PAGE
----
Much is misnomer in our present way of grasping the world.
Here, in other words, at the heart of the maelstrom threatening to suck in the whole of the civilised world, is a pathetic conspiracy of denial; a denial of responsibility which has turned in on itself and gone sour, manifesting itself in the sort of pompous defensiveness I have encountered so often.
Weird Literary Coincidences
I’m reading The Blindfold by Siri Hustvedt right now and in it the narrator, Iris Vegan, is given a book by a friend:
…a volume of poems called Unearth by an American poet I had never heard of.
Turns out Unearth is a now out of print poetry collection by Paul Auster, to whom Hustvedt is married and The Blindfold dedicated. (The poems from Unearth are now included in Paul Auster Collected Poems.)
Weirdly, I picked up Auster’s Leviathan at a Goodwill this week while dropping off some old clothes. In it is this description of a character named Iris:
Iris was just twenty-four back then, a dazzling blond presence, six feet tall with an exquisite Scandinavian face and the deepest, merriest blue eyes to be found between heaven and hell. How could I have guessed that she was a graduate student in English literature at Columbia University? How could I have known that she had read more books than I had and was about to begin a six-hundred-page dissertation on the works of Charles Dickens?
That description matches Iris from The Blindfold as well as Hustvedt herself, right down to the Dickens dissertation. Furthermore, Hustvedt’s mother’s maiden name is Vegan (see bio).
Books are fun.
We can only hover around the inexpressible with our words anyway, and there is comfort in saying what we have heard before.
Suppose yourself in a large cinema, sitting at first in the back row, and gradually moving up, row by row, until your nose is almost pressed against the screen. Gradually the stars’ faces dissolve into dancing grain; tiny details assume grotesque proportions; the illusion dissolves—or rather, it becomes clear that the illusion itself is reality….
Silence fell on the table like a bad simile.
From fifty years of experience in the art of getting along in the world, he had learned that mediocrity was the secret of contentment.
The partially deaf know like cellmates the frequencies at which their heads ring.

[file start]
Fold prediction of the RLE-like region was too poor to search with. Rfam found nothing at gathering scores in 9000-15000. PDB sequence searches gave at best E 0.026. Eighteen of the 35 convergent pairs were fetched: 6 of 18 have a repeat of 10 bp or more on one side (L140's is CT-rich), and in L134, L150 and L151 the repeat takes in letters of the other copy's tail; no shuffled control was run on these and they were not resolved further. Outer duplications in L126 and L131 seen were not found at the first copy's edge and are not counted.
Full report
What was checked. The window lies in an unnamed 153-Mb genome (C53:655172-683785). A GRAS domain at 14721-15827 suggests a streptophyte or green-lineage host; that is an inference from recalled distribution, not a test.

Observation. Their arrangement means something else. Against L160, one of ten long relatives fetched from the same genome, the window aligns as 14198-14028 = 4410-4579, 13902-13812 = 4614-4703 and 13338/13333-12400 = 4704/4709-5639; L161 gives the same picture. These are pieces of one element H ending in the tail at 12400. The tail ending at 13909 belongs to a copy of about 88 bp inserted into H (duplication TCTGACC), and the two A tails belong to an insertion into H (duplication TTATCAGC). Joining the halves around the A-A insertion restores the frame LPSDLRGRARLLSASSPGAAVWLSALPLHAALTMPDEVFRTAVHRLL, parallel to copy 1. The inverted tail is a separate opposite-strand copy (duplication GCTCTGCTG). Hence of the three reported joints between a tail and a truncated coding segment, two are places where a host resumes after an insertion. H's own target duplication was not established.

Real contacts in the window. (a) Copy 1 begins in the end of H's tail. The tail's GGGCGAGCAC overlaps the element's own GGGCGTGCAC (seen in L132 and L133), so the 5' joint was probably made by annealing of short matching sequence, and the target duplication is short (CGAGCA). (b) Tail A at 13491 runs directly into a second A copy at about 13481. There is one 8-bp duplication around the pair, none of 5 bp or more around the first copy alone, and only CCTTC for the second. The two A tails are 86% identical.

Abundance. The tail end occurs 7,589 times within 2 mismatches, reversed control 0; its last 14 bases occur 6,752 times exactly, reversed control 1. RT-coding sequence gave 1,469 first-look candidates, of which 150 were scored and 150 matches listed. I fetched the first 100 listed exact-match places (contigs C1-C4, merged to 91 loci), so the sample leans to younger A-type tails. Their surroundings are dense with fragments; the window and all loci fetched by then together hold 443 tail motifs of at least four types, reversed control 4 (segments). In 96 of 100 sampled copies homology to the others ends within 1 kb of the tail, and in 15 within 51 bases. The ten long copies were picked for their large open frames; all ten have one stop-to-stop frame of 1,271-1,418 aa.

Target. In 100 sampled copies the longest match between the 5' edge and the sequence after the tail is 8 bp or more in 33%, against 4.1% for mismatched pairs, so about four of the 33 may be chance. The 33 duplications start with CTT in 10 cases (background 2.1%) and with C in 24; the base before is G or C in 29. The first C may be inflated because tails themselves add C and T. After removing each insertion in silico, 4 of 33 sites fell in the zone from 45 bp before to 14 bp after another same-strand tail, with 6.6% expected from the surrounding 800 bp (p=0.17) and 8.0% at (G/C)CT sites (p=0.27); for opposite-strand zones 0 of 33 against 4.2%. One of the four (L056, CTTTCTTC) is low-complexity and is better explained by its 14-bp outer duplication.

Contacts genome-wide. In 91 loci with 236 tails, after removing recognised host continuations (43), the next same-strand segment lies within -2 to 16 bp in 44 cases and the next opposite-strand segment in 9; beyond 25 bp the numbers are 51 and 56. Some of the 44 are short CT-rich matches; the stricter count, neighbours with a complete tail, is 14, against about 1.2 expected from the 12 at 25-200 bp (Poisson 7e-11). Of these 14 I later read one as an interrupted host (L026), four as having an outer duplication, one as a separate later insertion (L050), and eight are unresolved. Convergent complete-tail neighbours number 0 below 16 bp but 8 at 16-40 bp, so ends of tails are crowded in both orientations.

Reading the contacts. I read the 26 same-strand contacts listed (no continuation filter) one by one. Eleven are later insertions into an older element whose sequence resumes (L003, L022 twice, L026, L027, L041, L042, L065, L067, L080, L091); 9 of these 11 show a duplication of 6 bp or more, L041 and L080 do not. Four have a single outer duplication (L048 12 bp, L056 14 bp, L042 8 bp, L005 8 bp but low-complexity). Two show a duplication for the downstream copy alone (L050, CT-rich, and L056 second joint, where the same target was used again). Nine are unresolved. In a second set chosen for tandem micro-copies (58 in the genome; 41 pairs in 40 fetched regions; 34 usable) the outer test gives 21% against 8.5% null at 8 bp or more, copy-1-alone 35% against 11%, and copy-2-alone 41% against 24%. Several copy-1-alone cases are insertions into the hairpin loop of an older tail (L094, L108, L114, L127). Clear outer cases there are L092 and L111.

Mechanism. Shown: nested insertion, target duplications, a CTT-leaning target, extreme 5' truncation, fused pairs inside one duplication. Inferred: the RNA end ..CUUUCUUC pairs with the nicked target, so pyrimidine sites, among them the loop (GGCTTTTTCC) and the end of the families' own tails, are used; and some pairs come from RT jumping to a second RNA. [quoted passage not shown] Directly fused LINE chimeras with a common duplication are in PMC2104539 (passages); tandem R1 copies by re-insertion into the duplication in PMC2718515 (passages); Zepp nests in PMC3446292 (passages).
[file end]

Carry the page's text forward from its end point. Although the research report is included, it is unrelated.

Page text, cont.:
From The Corrections by Jonathan Franzen.
I find that sentence completely fantastic for some reason. And, yes, I realize I’m a decade late on this book, but still.
Propaganda in favor of action dictated by the impulses that are below self-interest offers false, garbled or incomplete evidence, avoids logical argument and seeks to influence its victims by the mere repetition of catchwords, by the furious denunciation of foreign or domestic scapegoats, and by cunningly associating the lowest passions with the highest ideals, so that atrocities come to be perpetrated in the name of God and the most cynical kind of Realpolitik is treated as a matter of religious principle and patriotic duty.
Test yourself on mankind. It is something that makes the doubter doubt, the believer believe.
It’s random Kafka aphorism time (this was 75).
I found this tattered old copy of Steinbeck’s Cannery Row in my building’s basement. It’s falling apart, the pages are brittle, and there are random blue ink scribbles throughout, but it was free.
I’m reading Paul Auster’s Oracle Night, and, without giving away any of the plot, there’s a story-within-a-story thing (actually, several) that I kept thinking to myself would make a great book on its own. Then I realized I was already reading that great book. Weird.
A man is all men.
You have no right to your wretchedness.
I won’t take my religion from any man who never works except with his mouth and never cherishes any memory except the face of the woman on the American silver dollar.
So I will argue that consciousness, mind, imagination, and language are fundamentally wild. “Wild” as in wild ecosystems—richly interconnected, interdependent, and incredibly complex. Diverse, ancient, and full of information. At the root the real question is how we understand the concepts of order, freedom, and chaos. Is art an imposition of order on chaotic nature, or is art (also read “language”) a matter of discovering the grain of things, of uncovering the measured chaos that structures the natural world? Observation, reflection, and practice show artistic process to be the latter.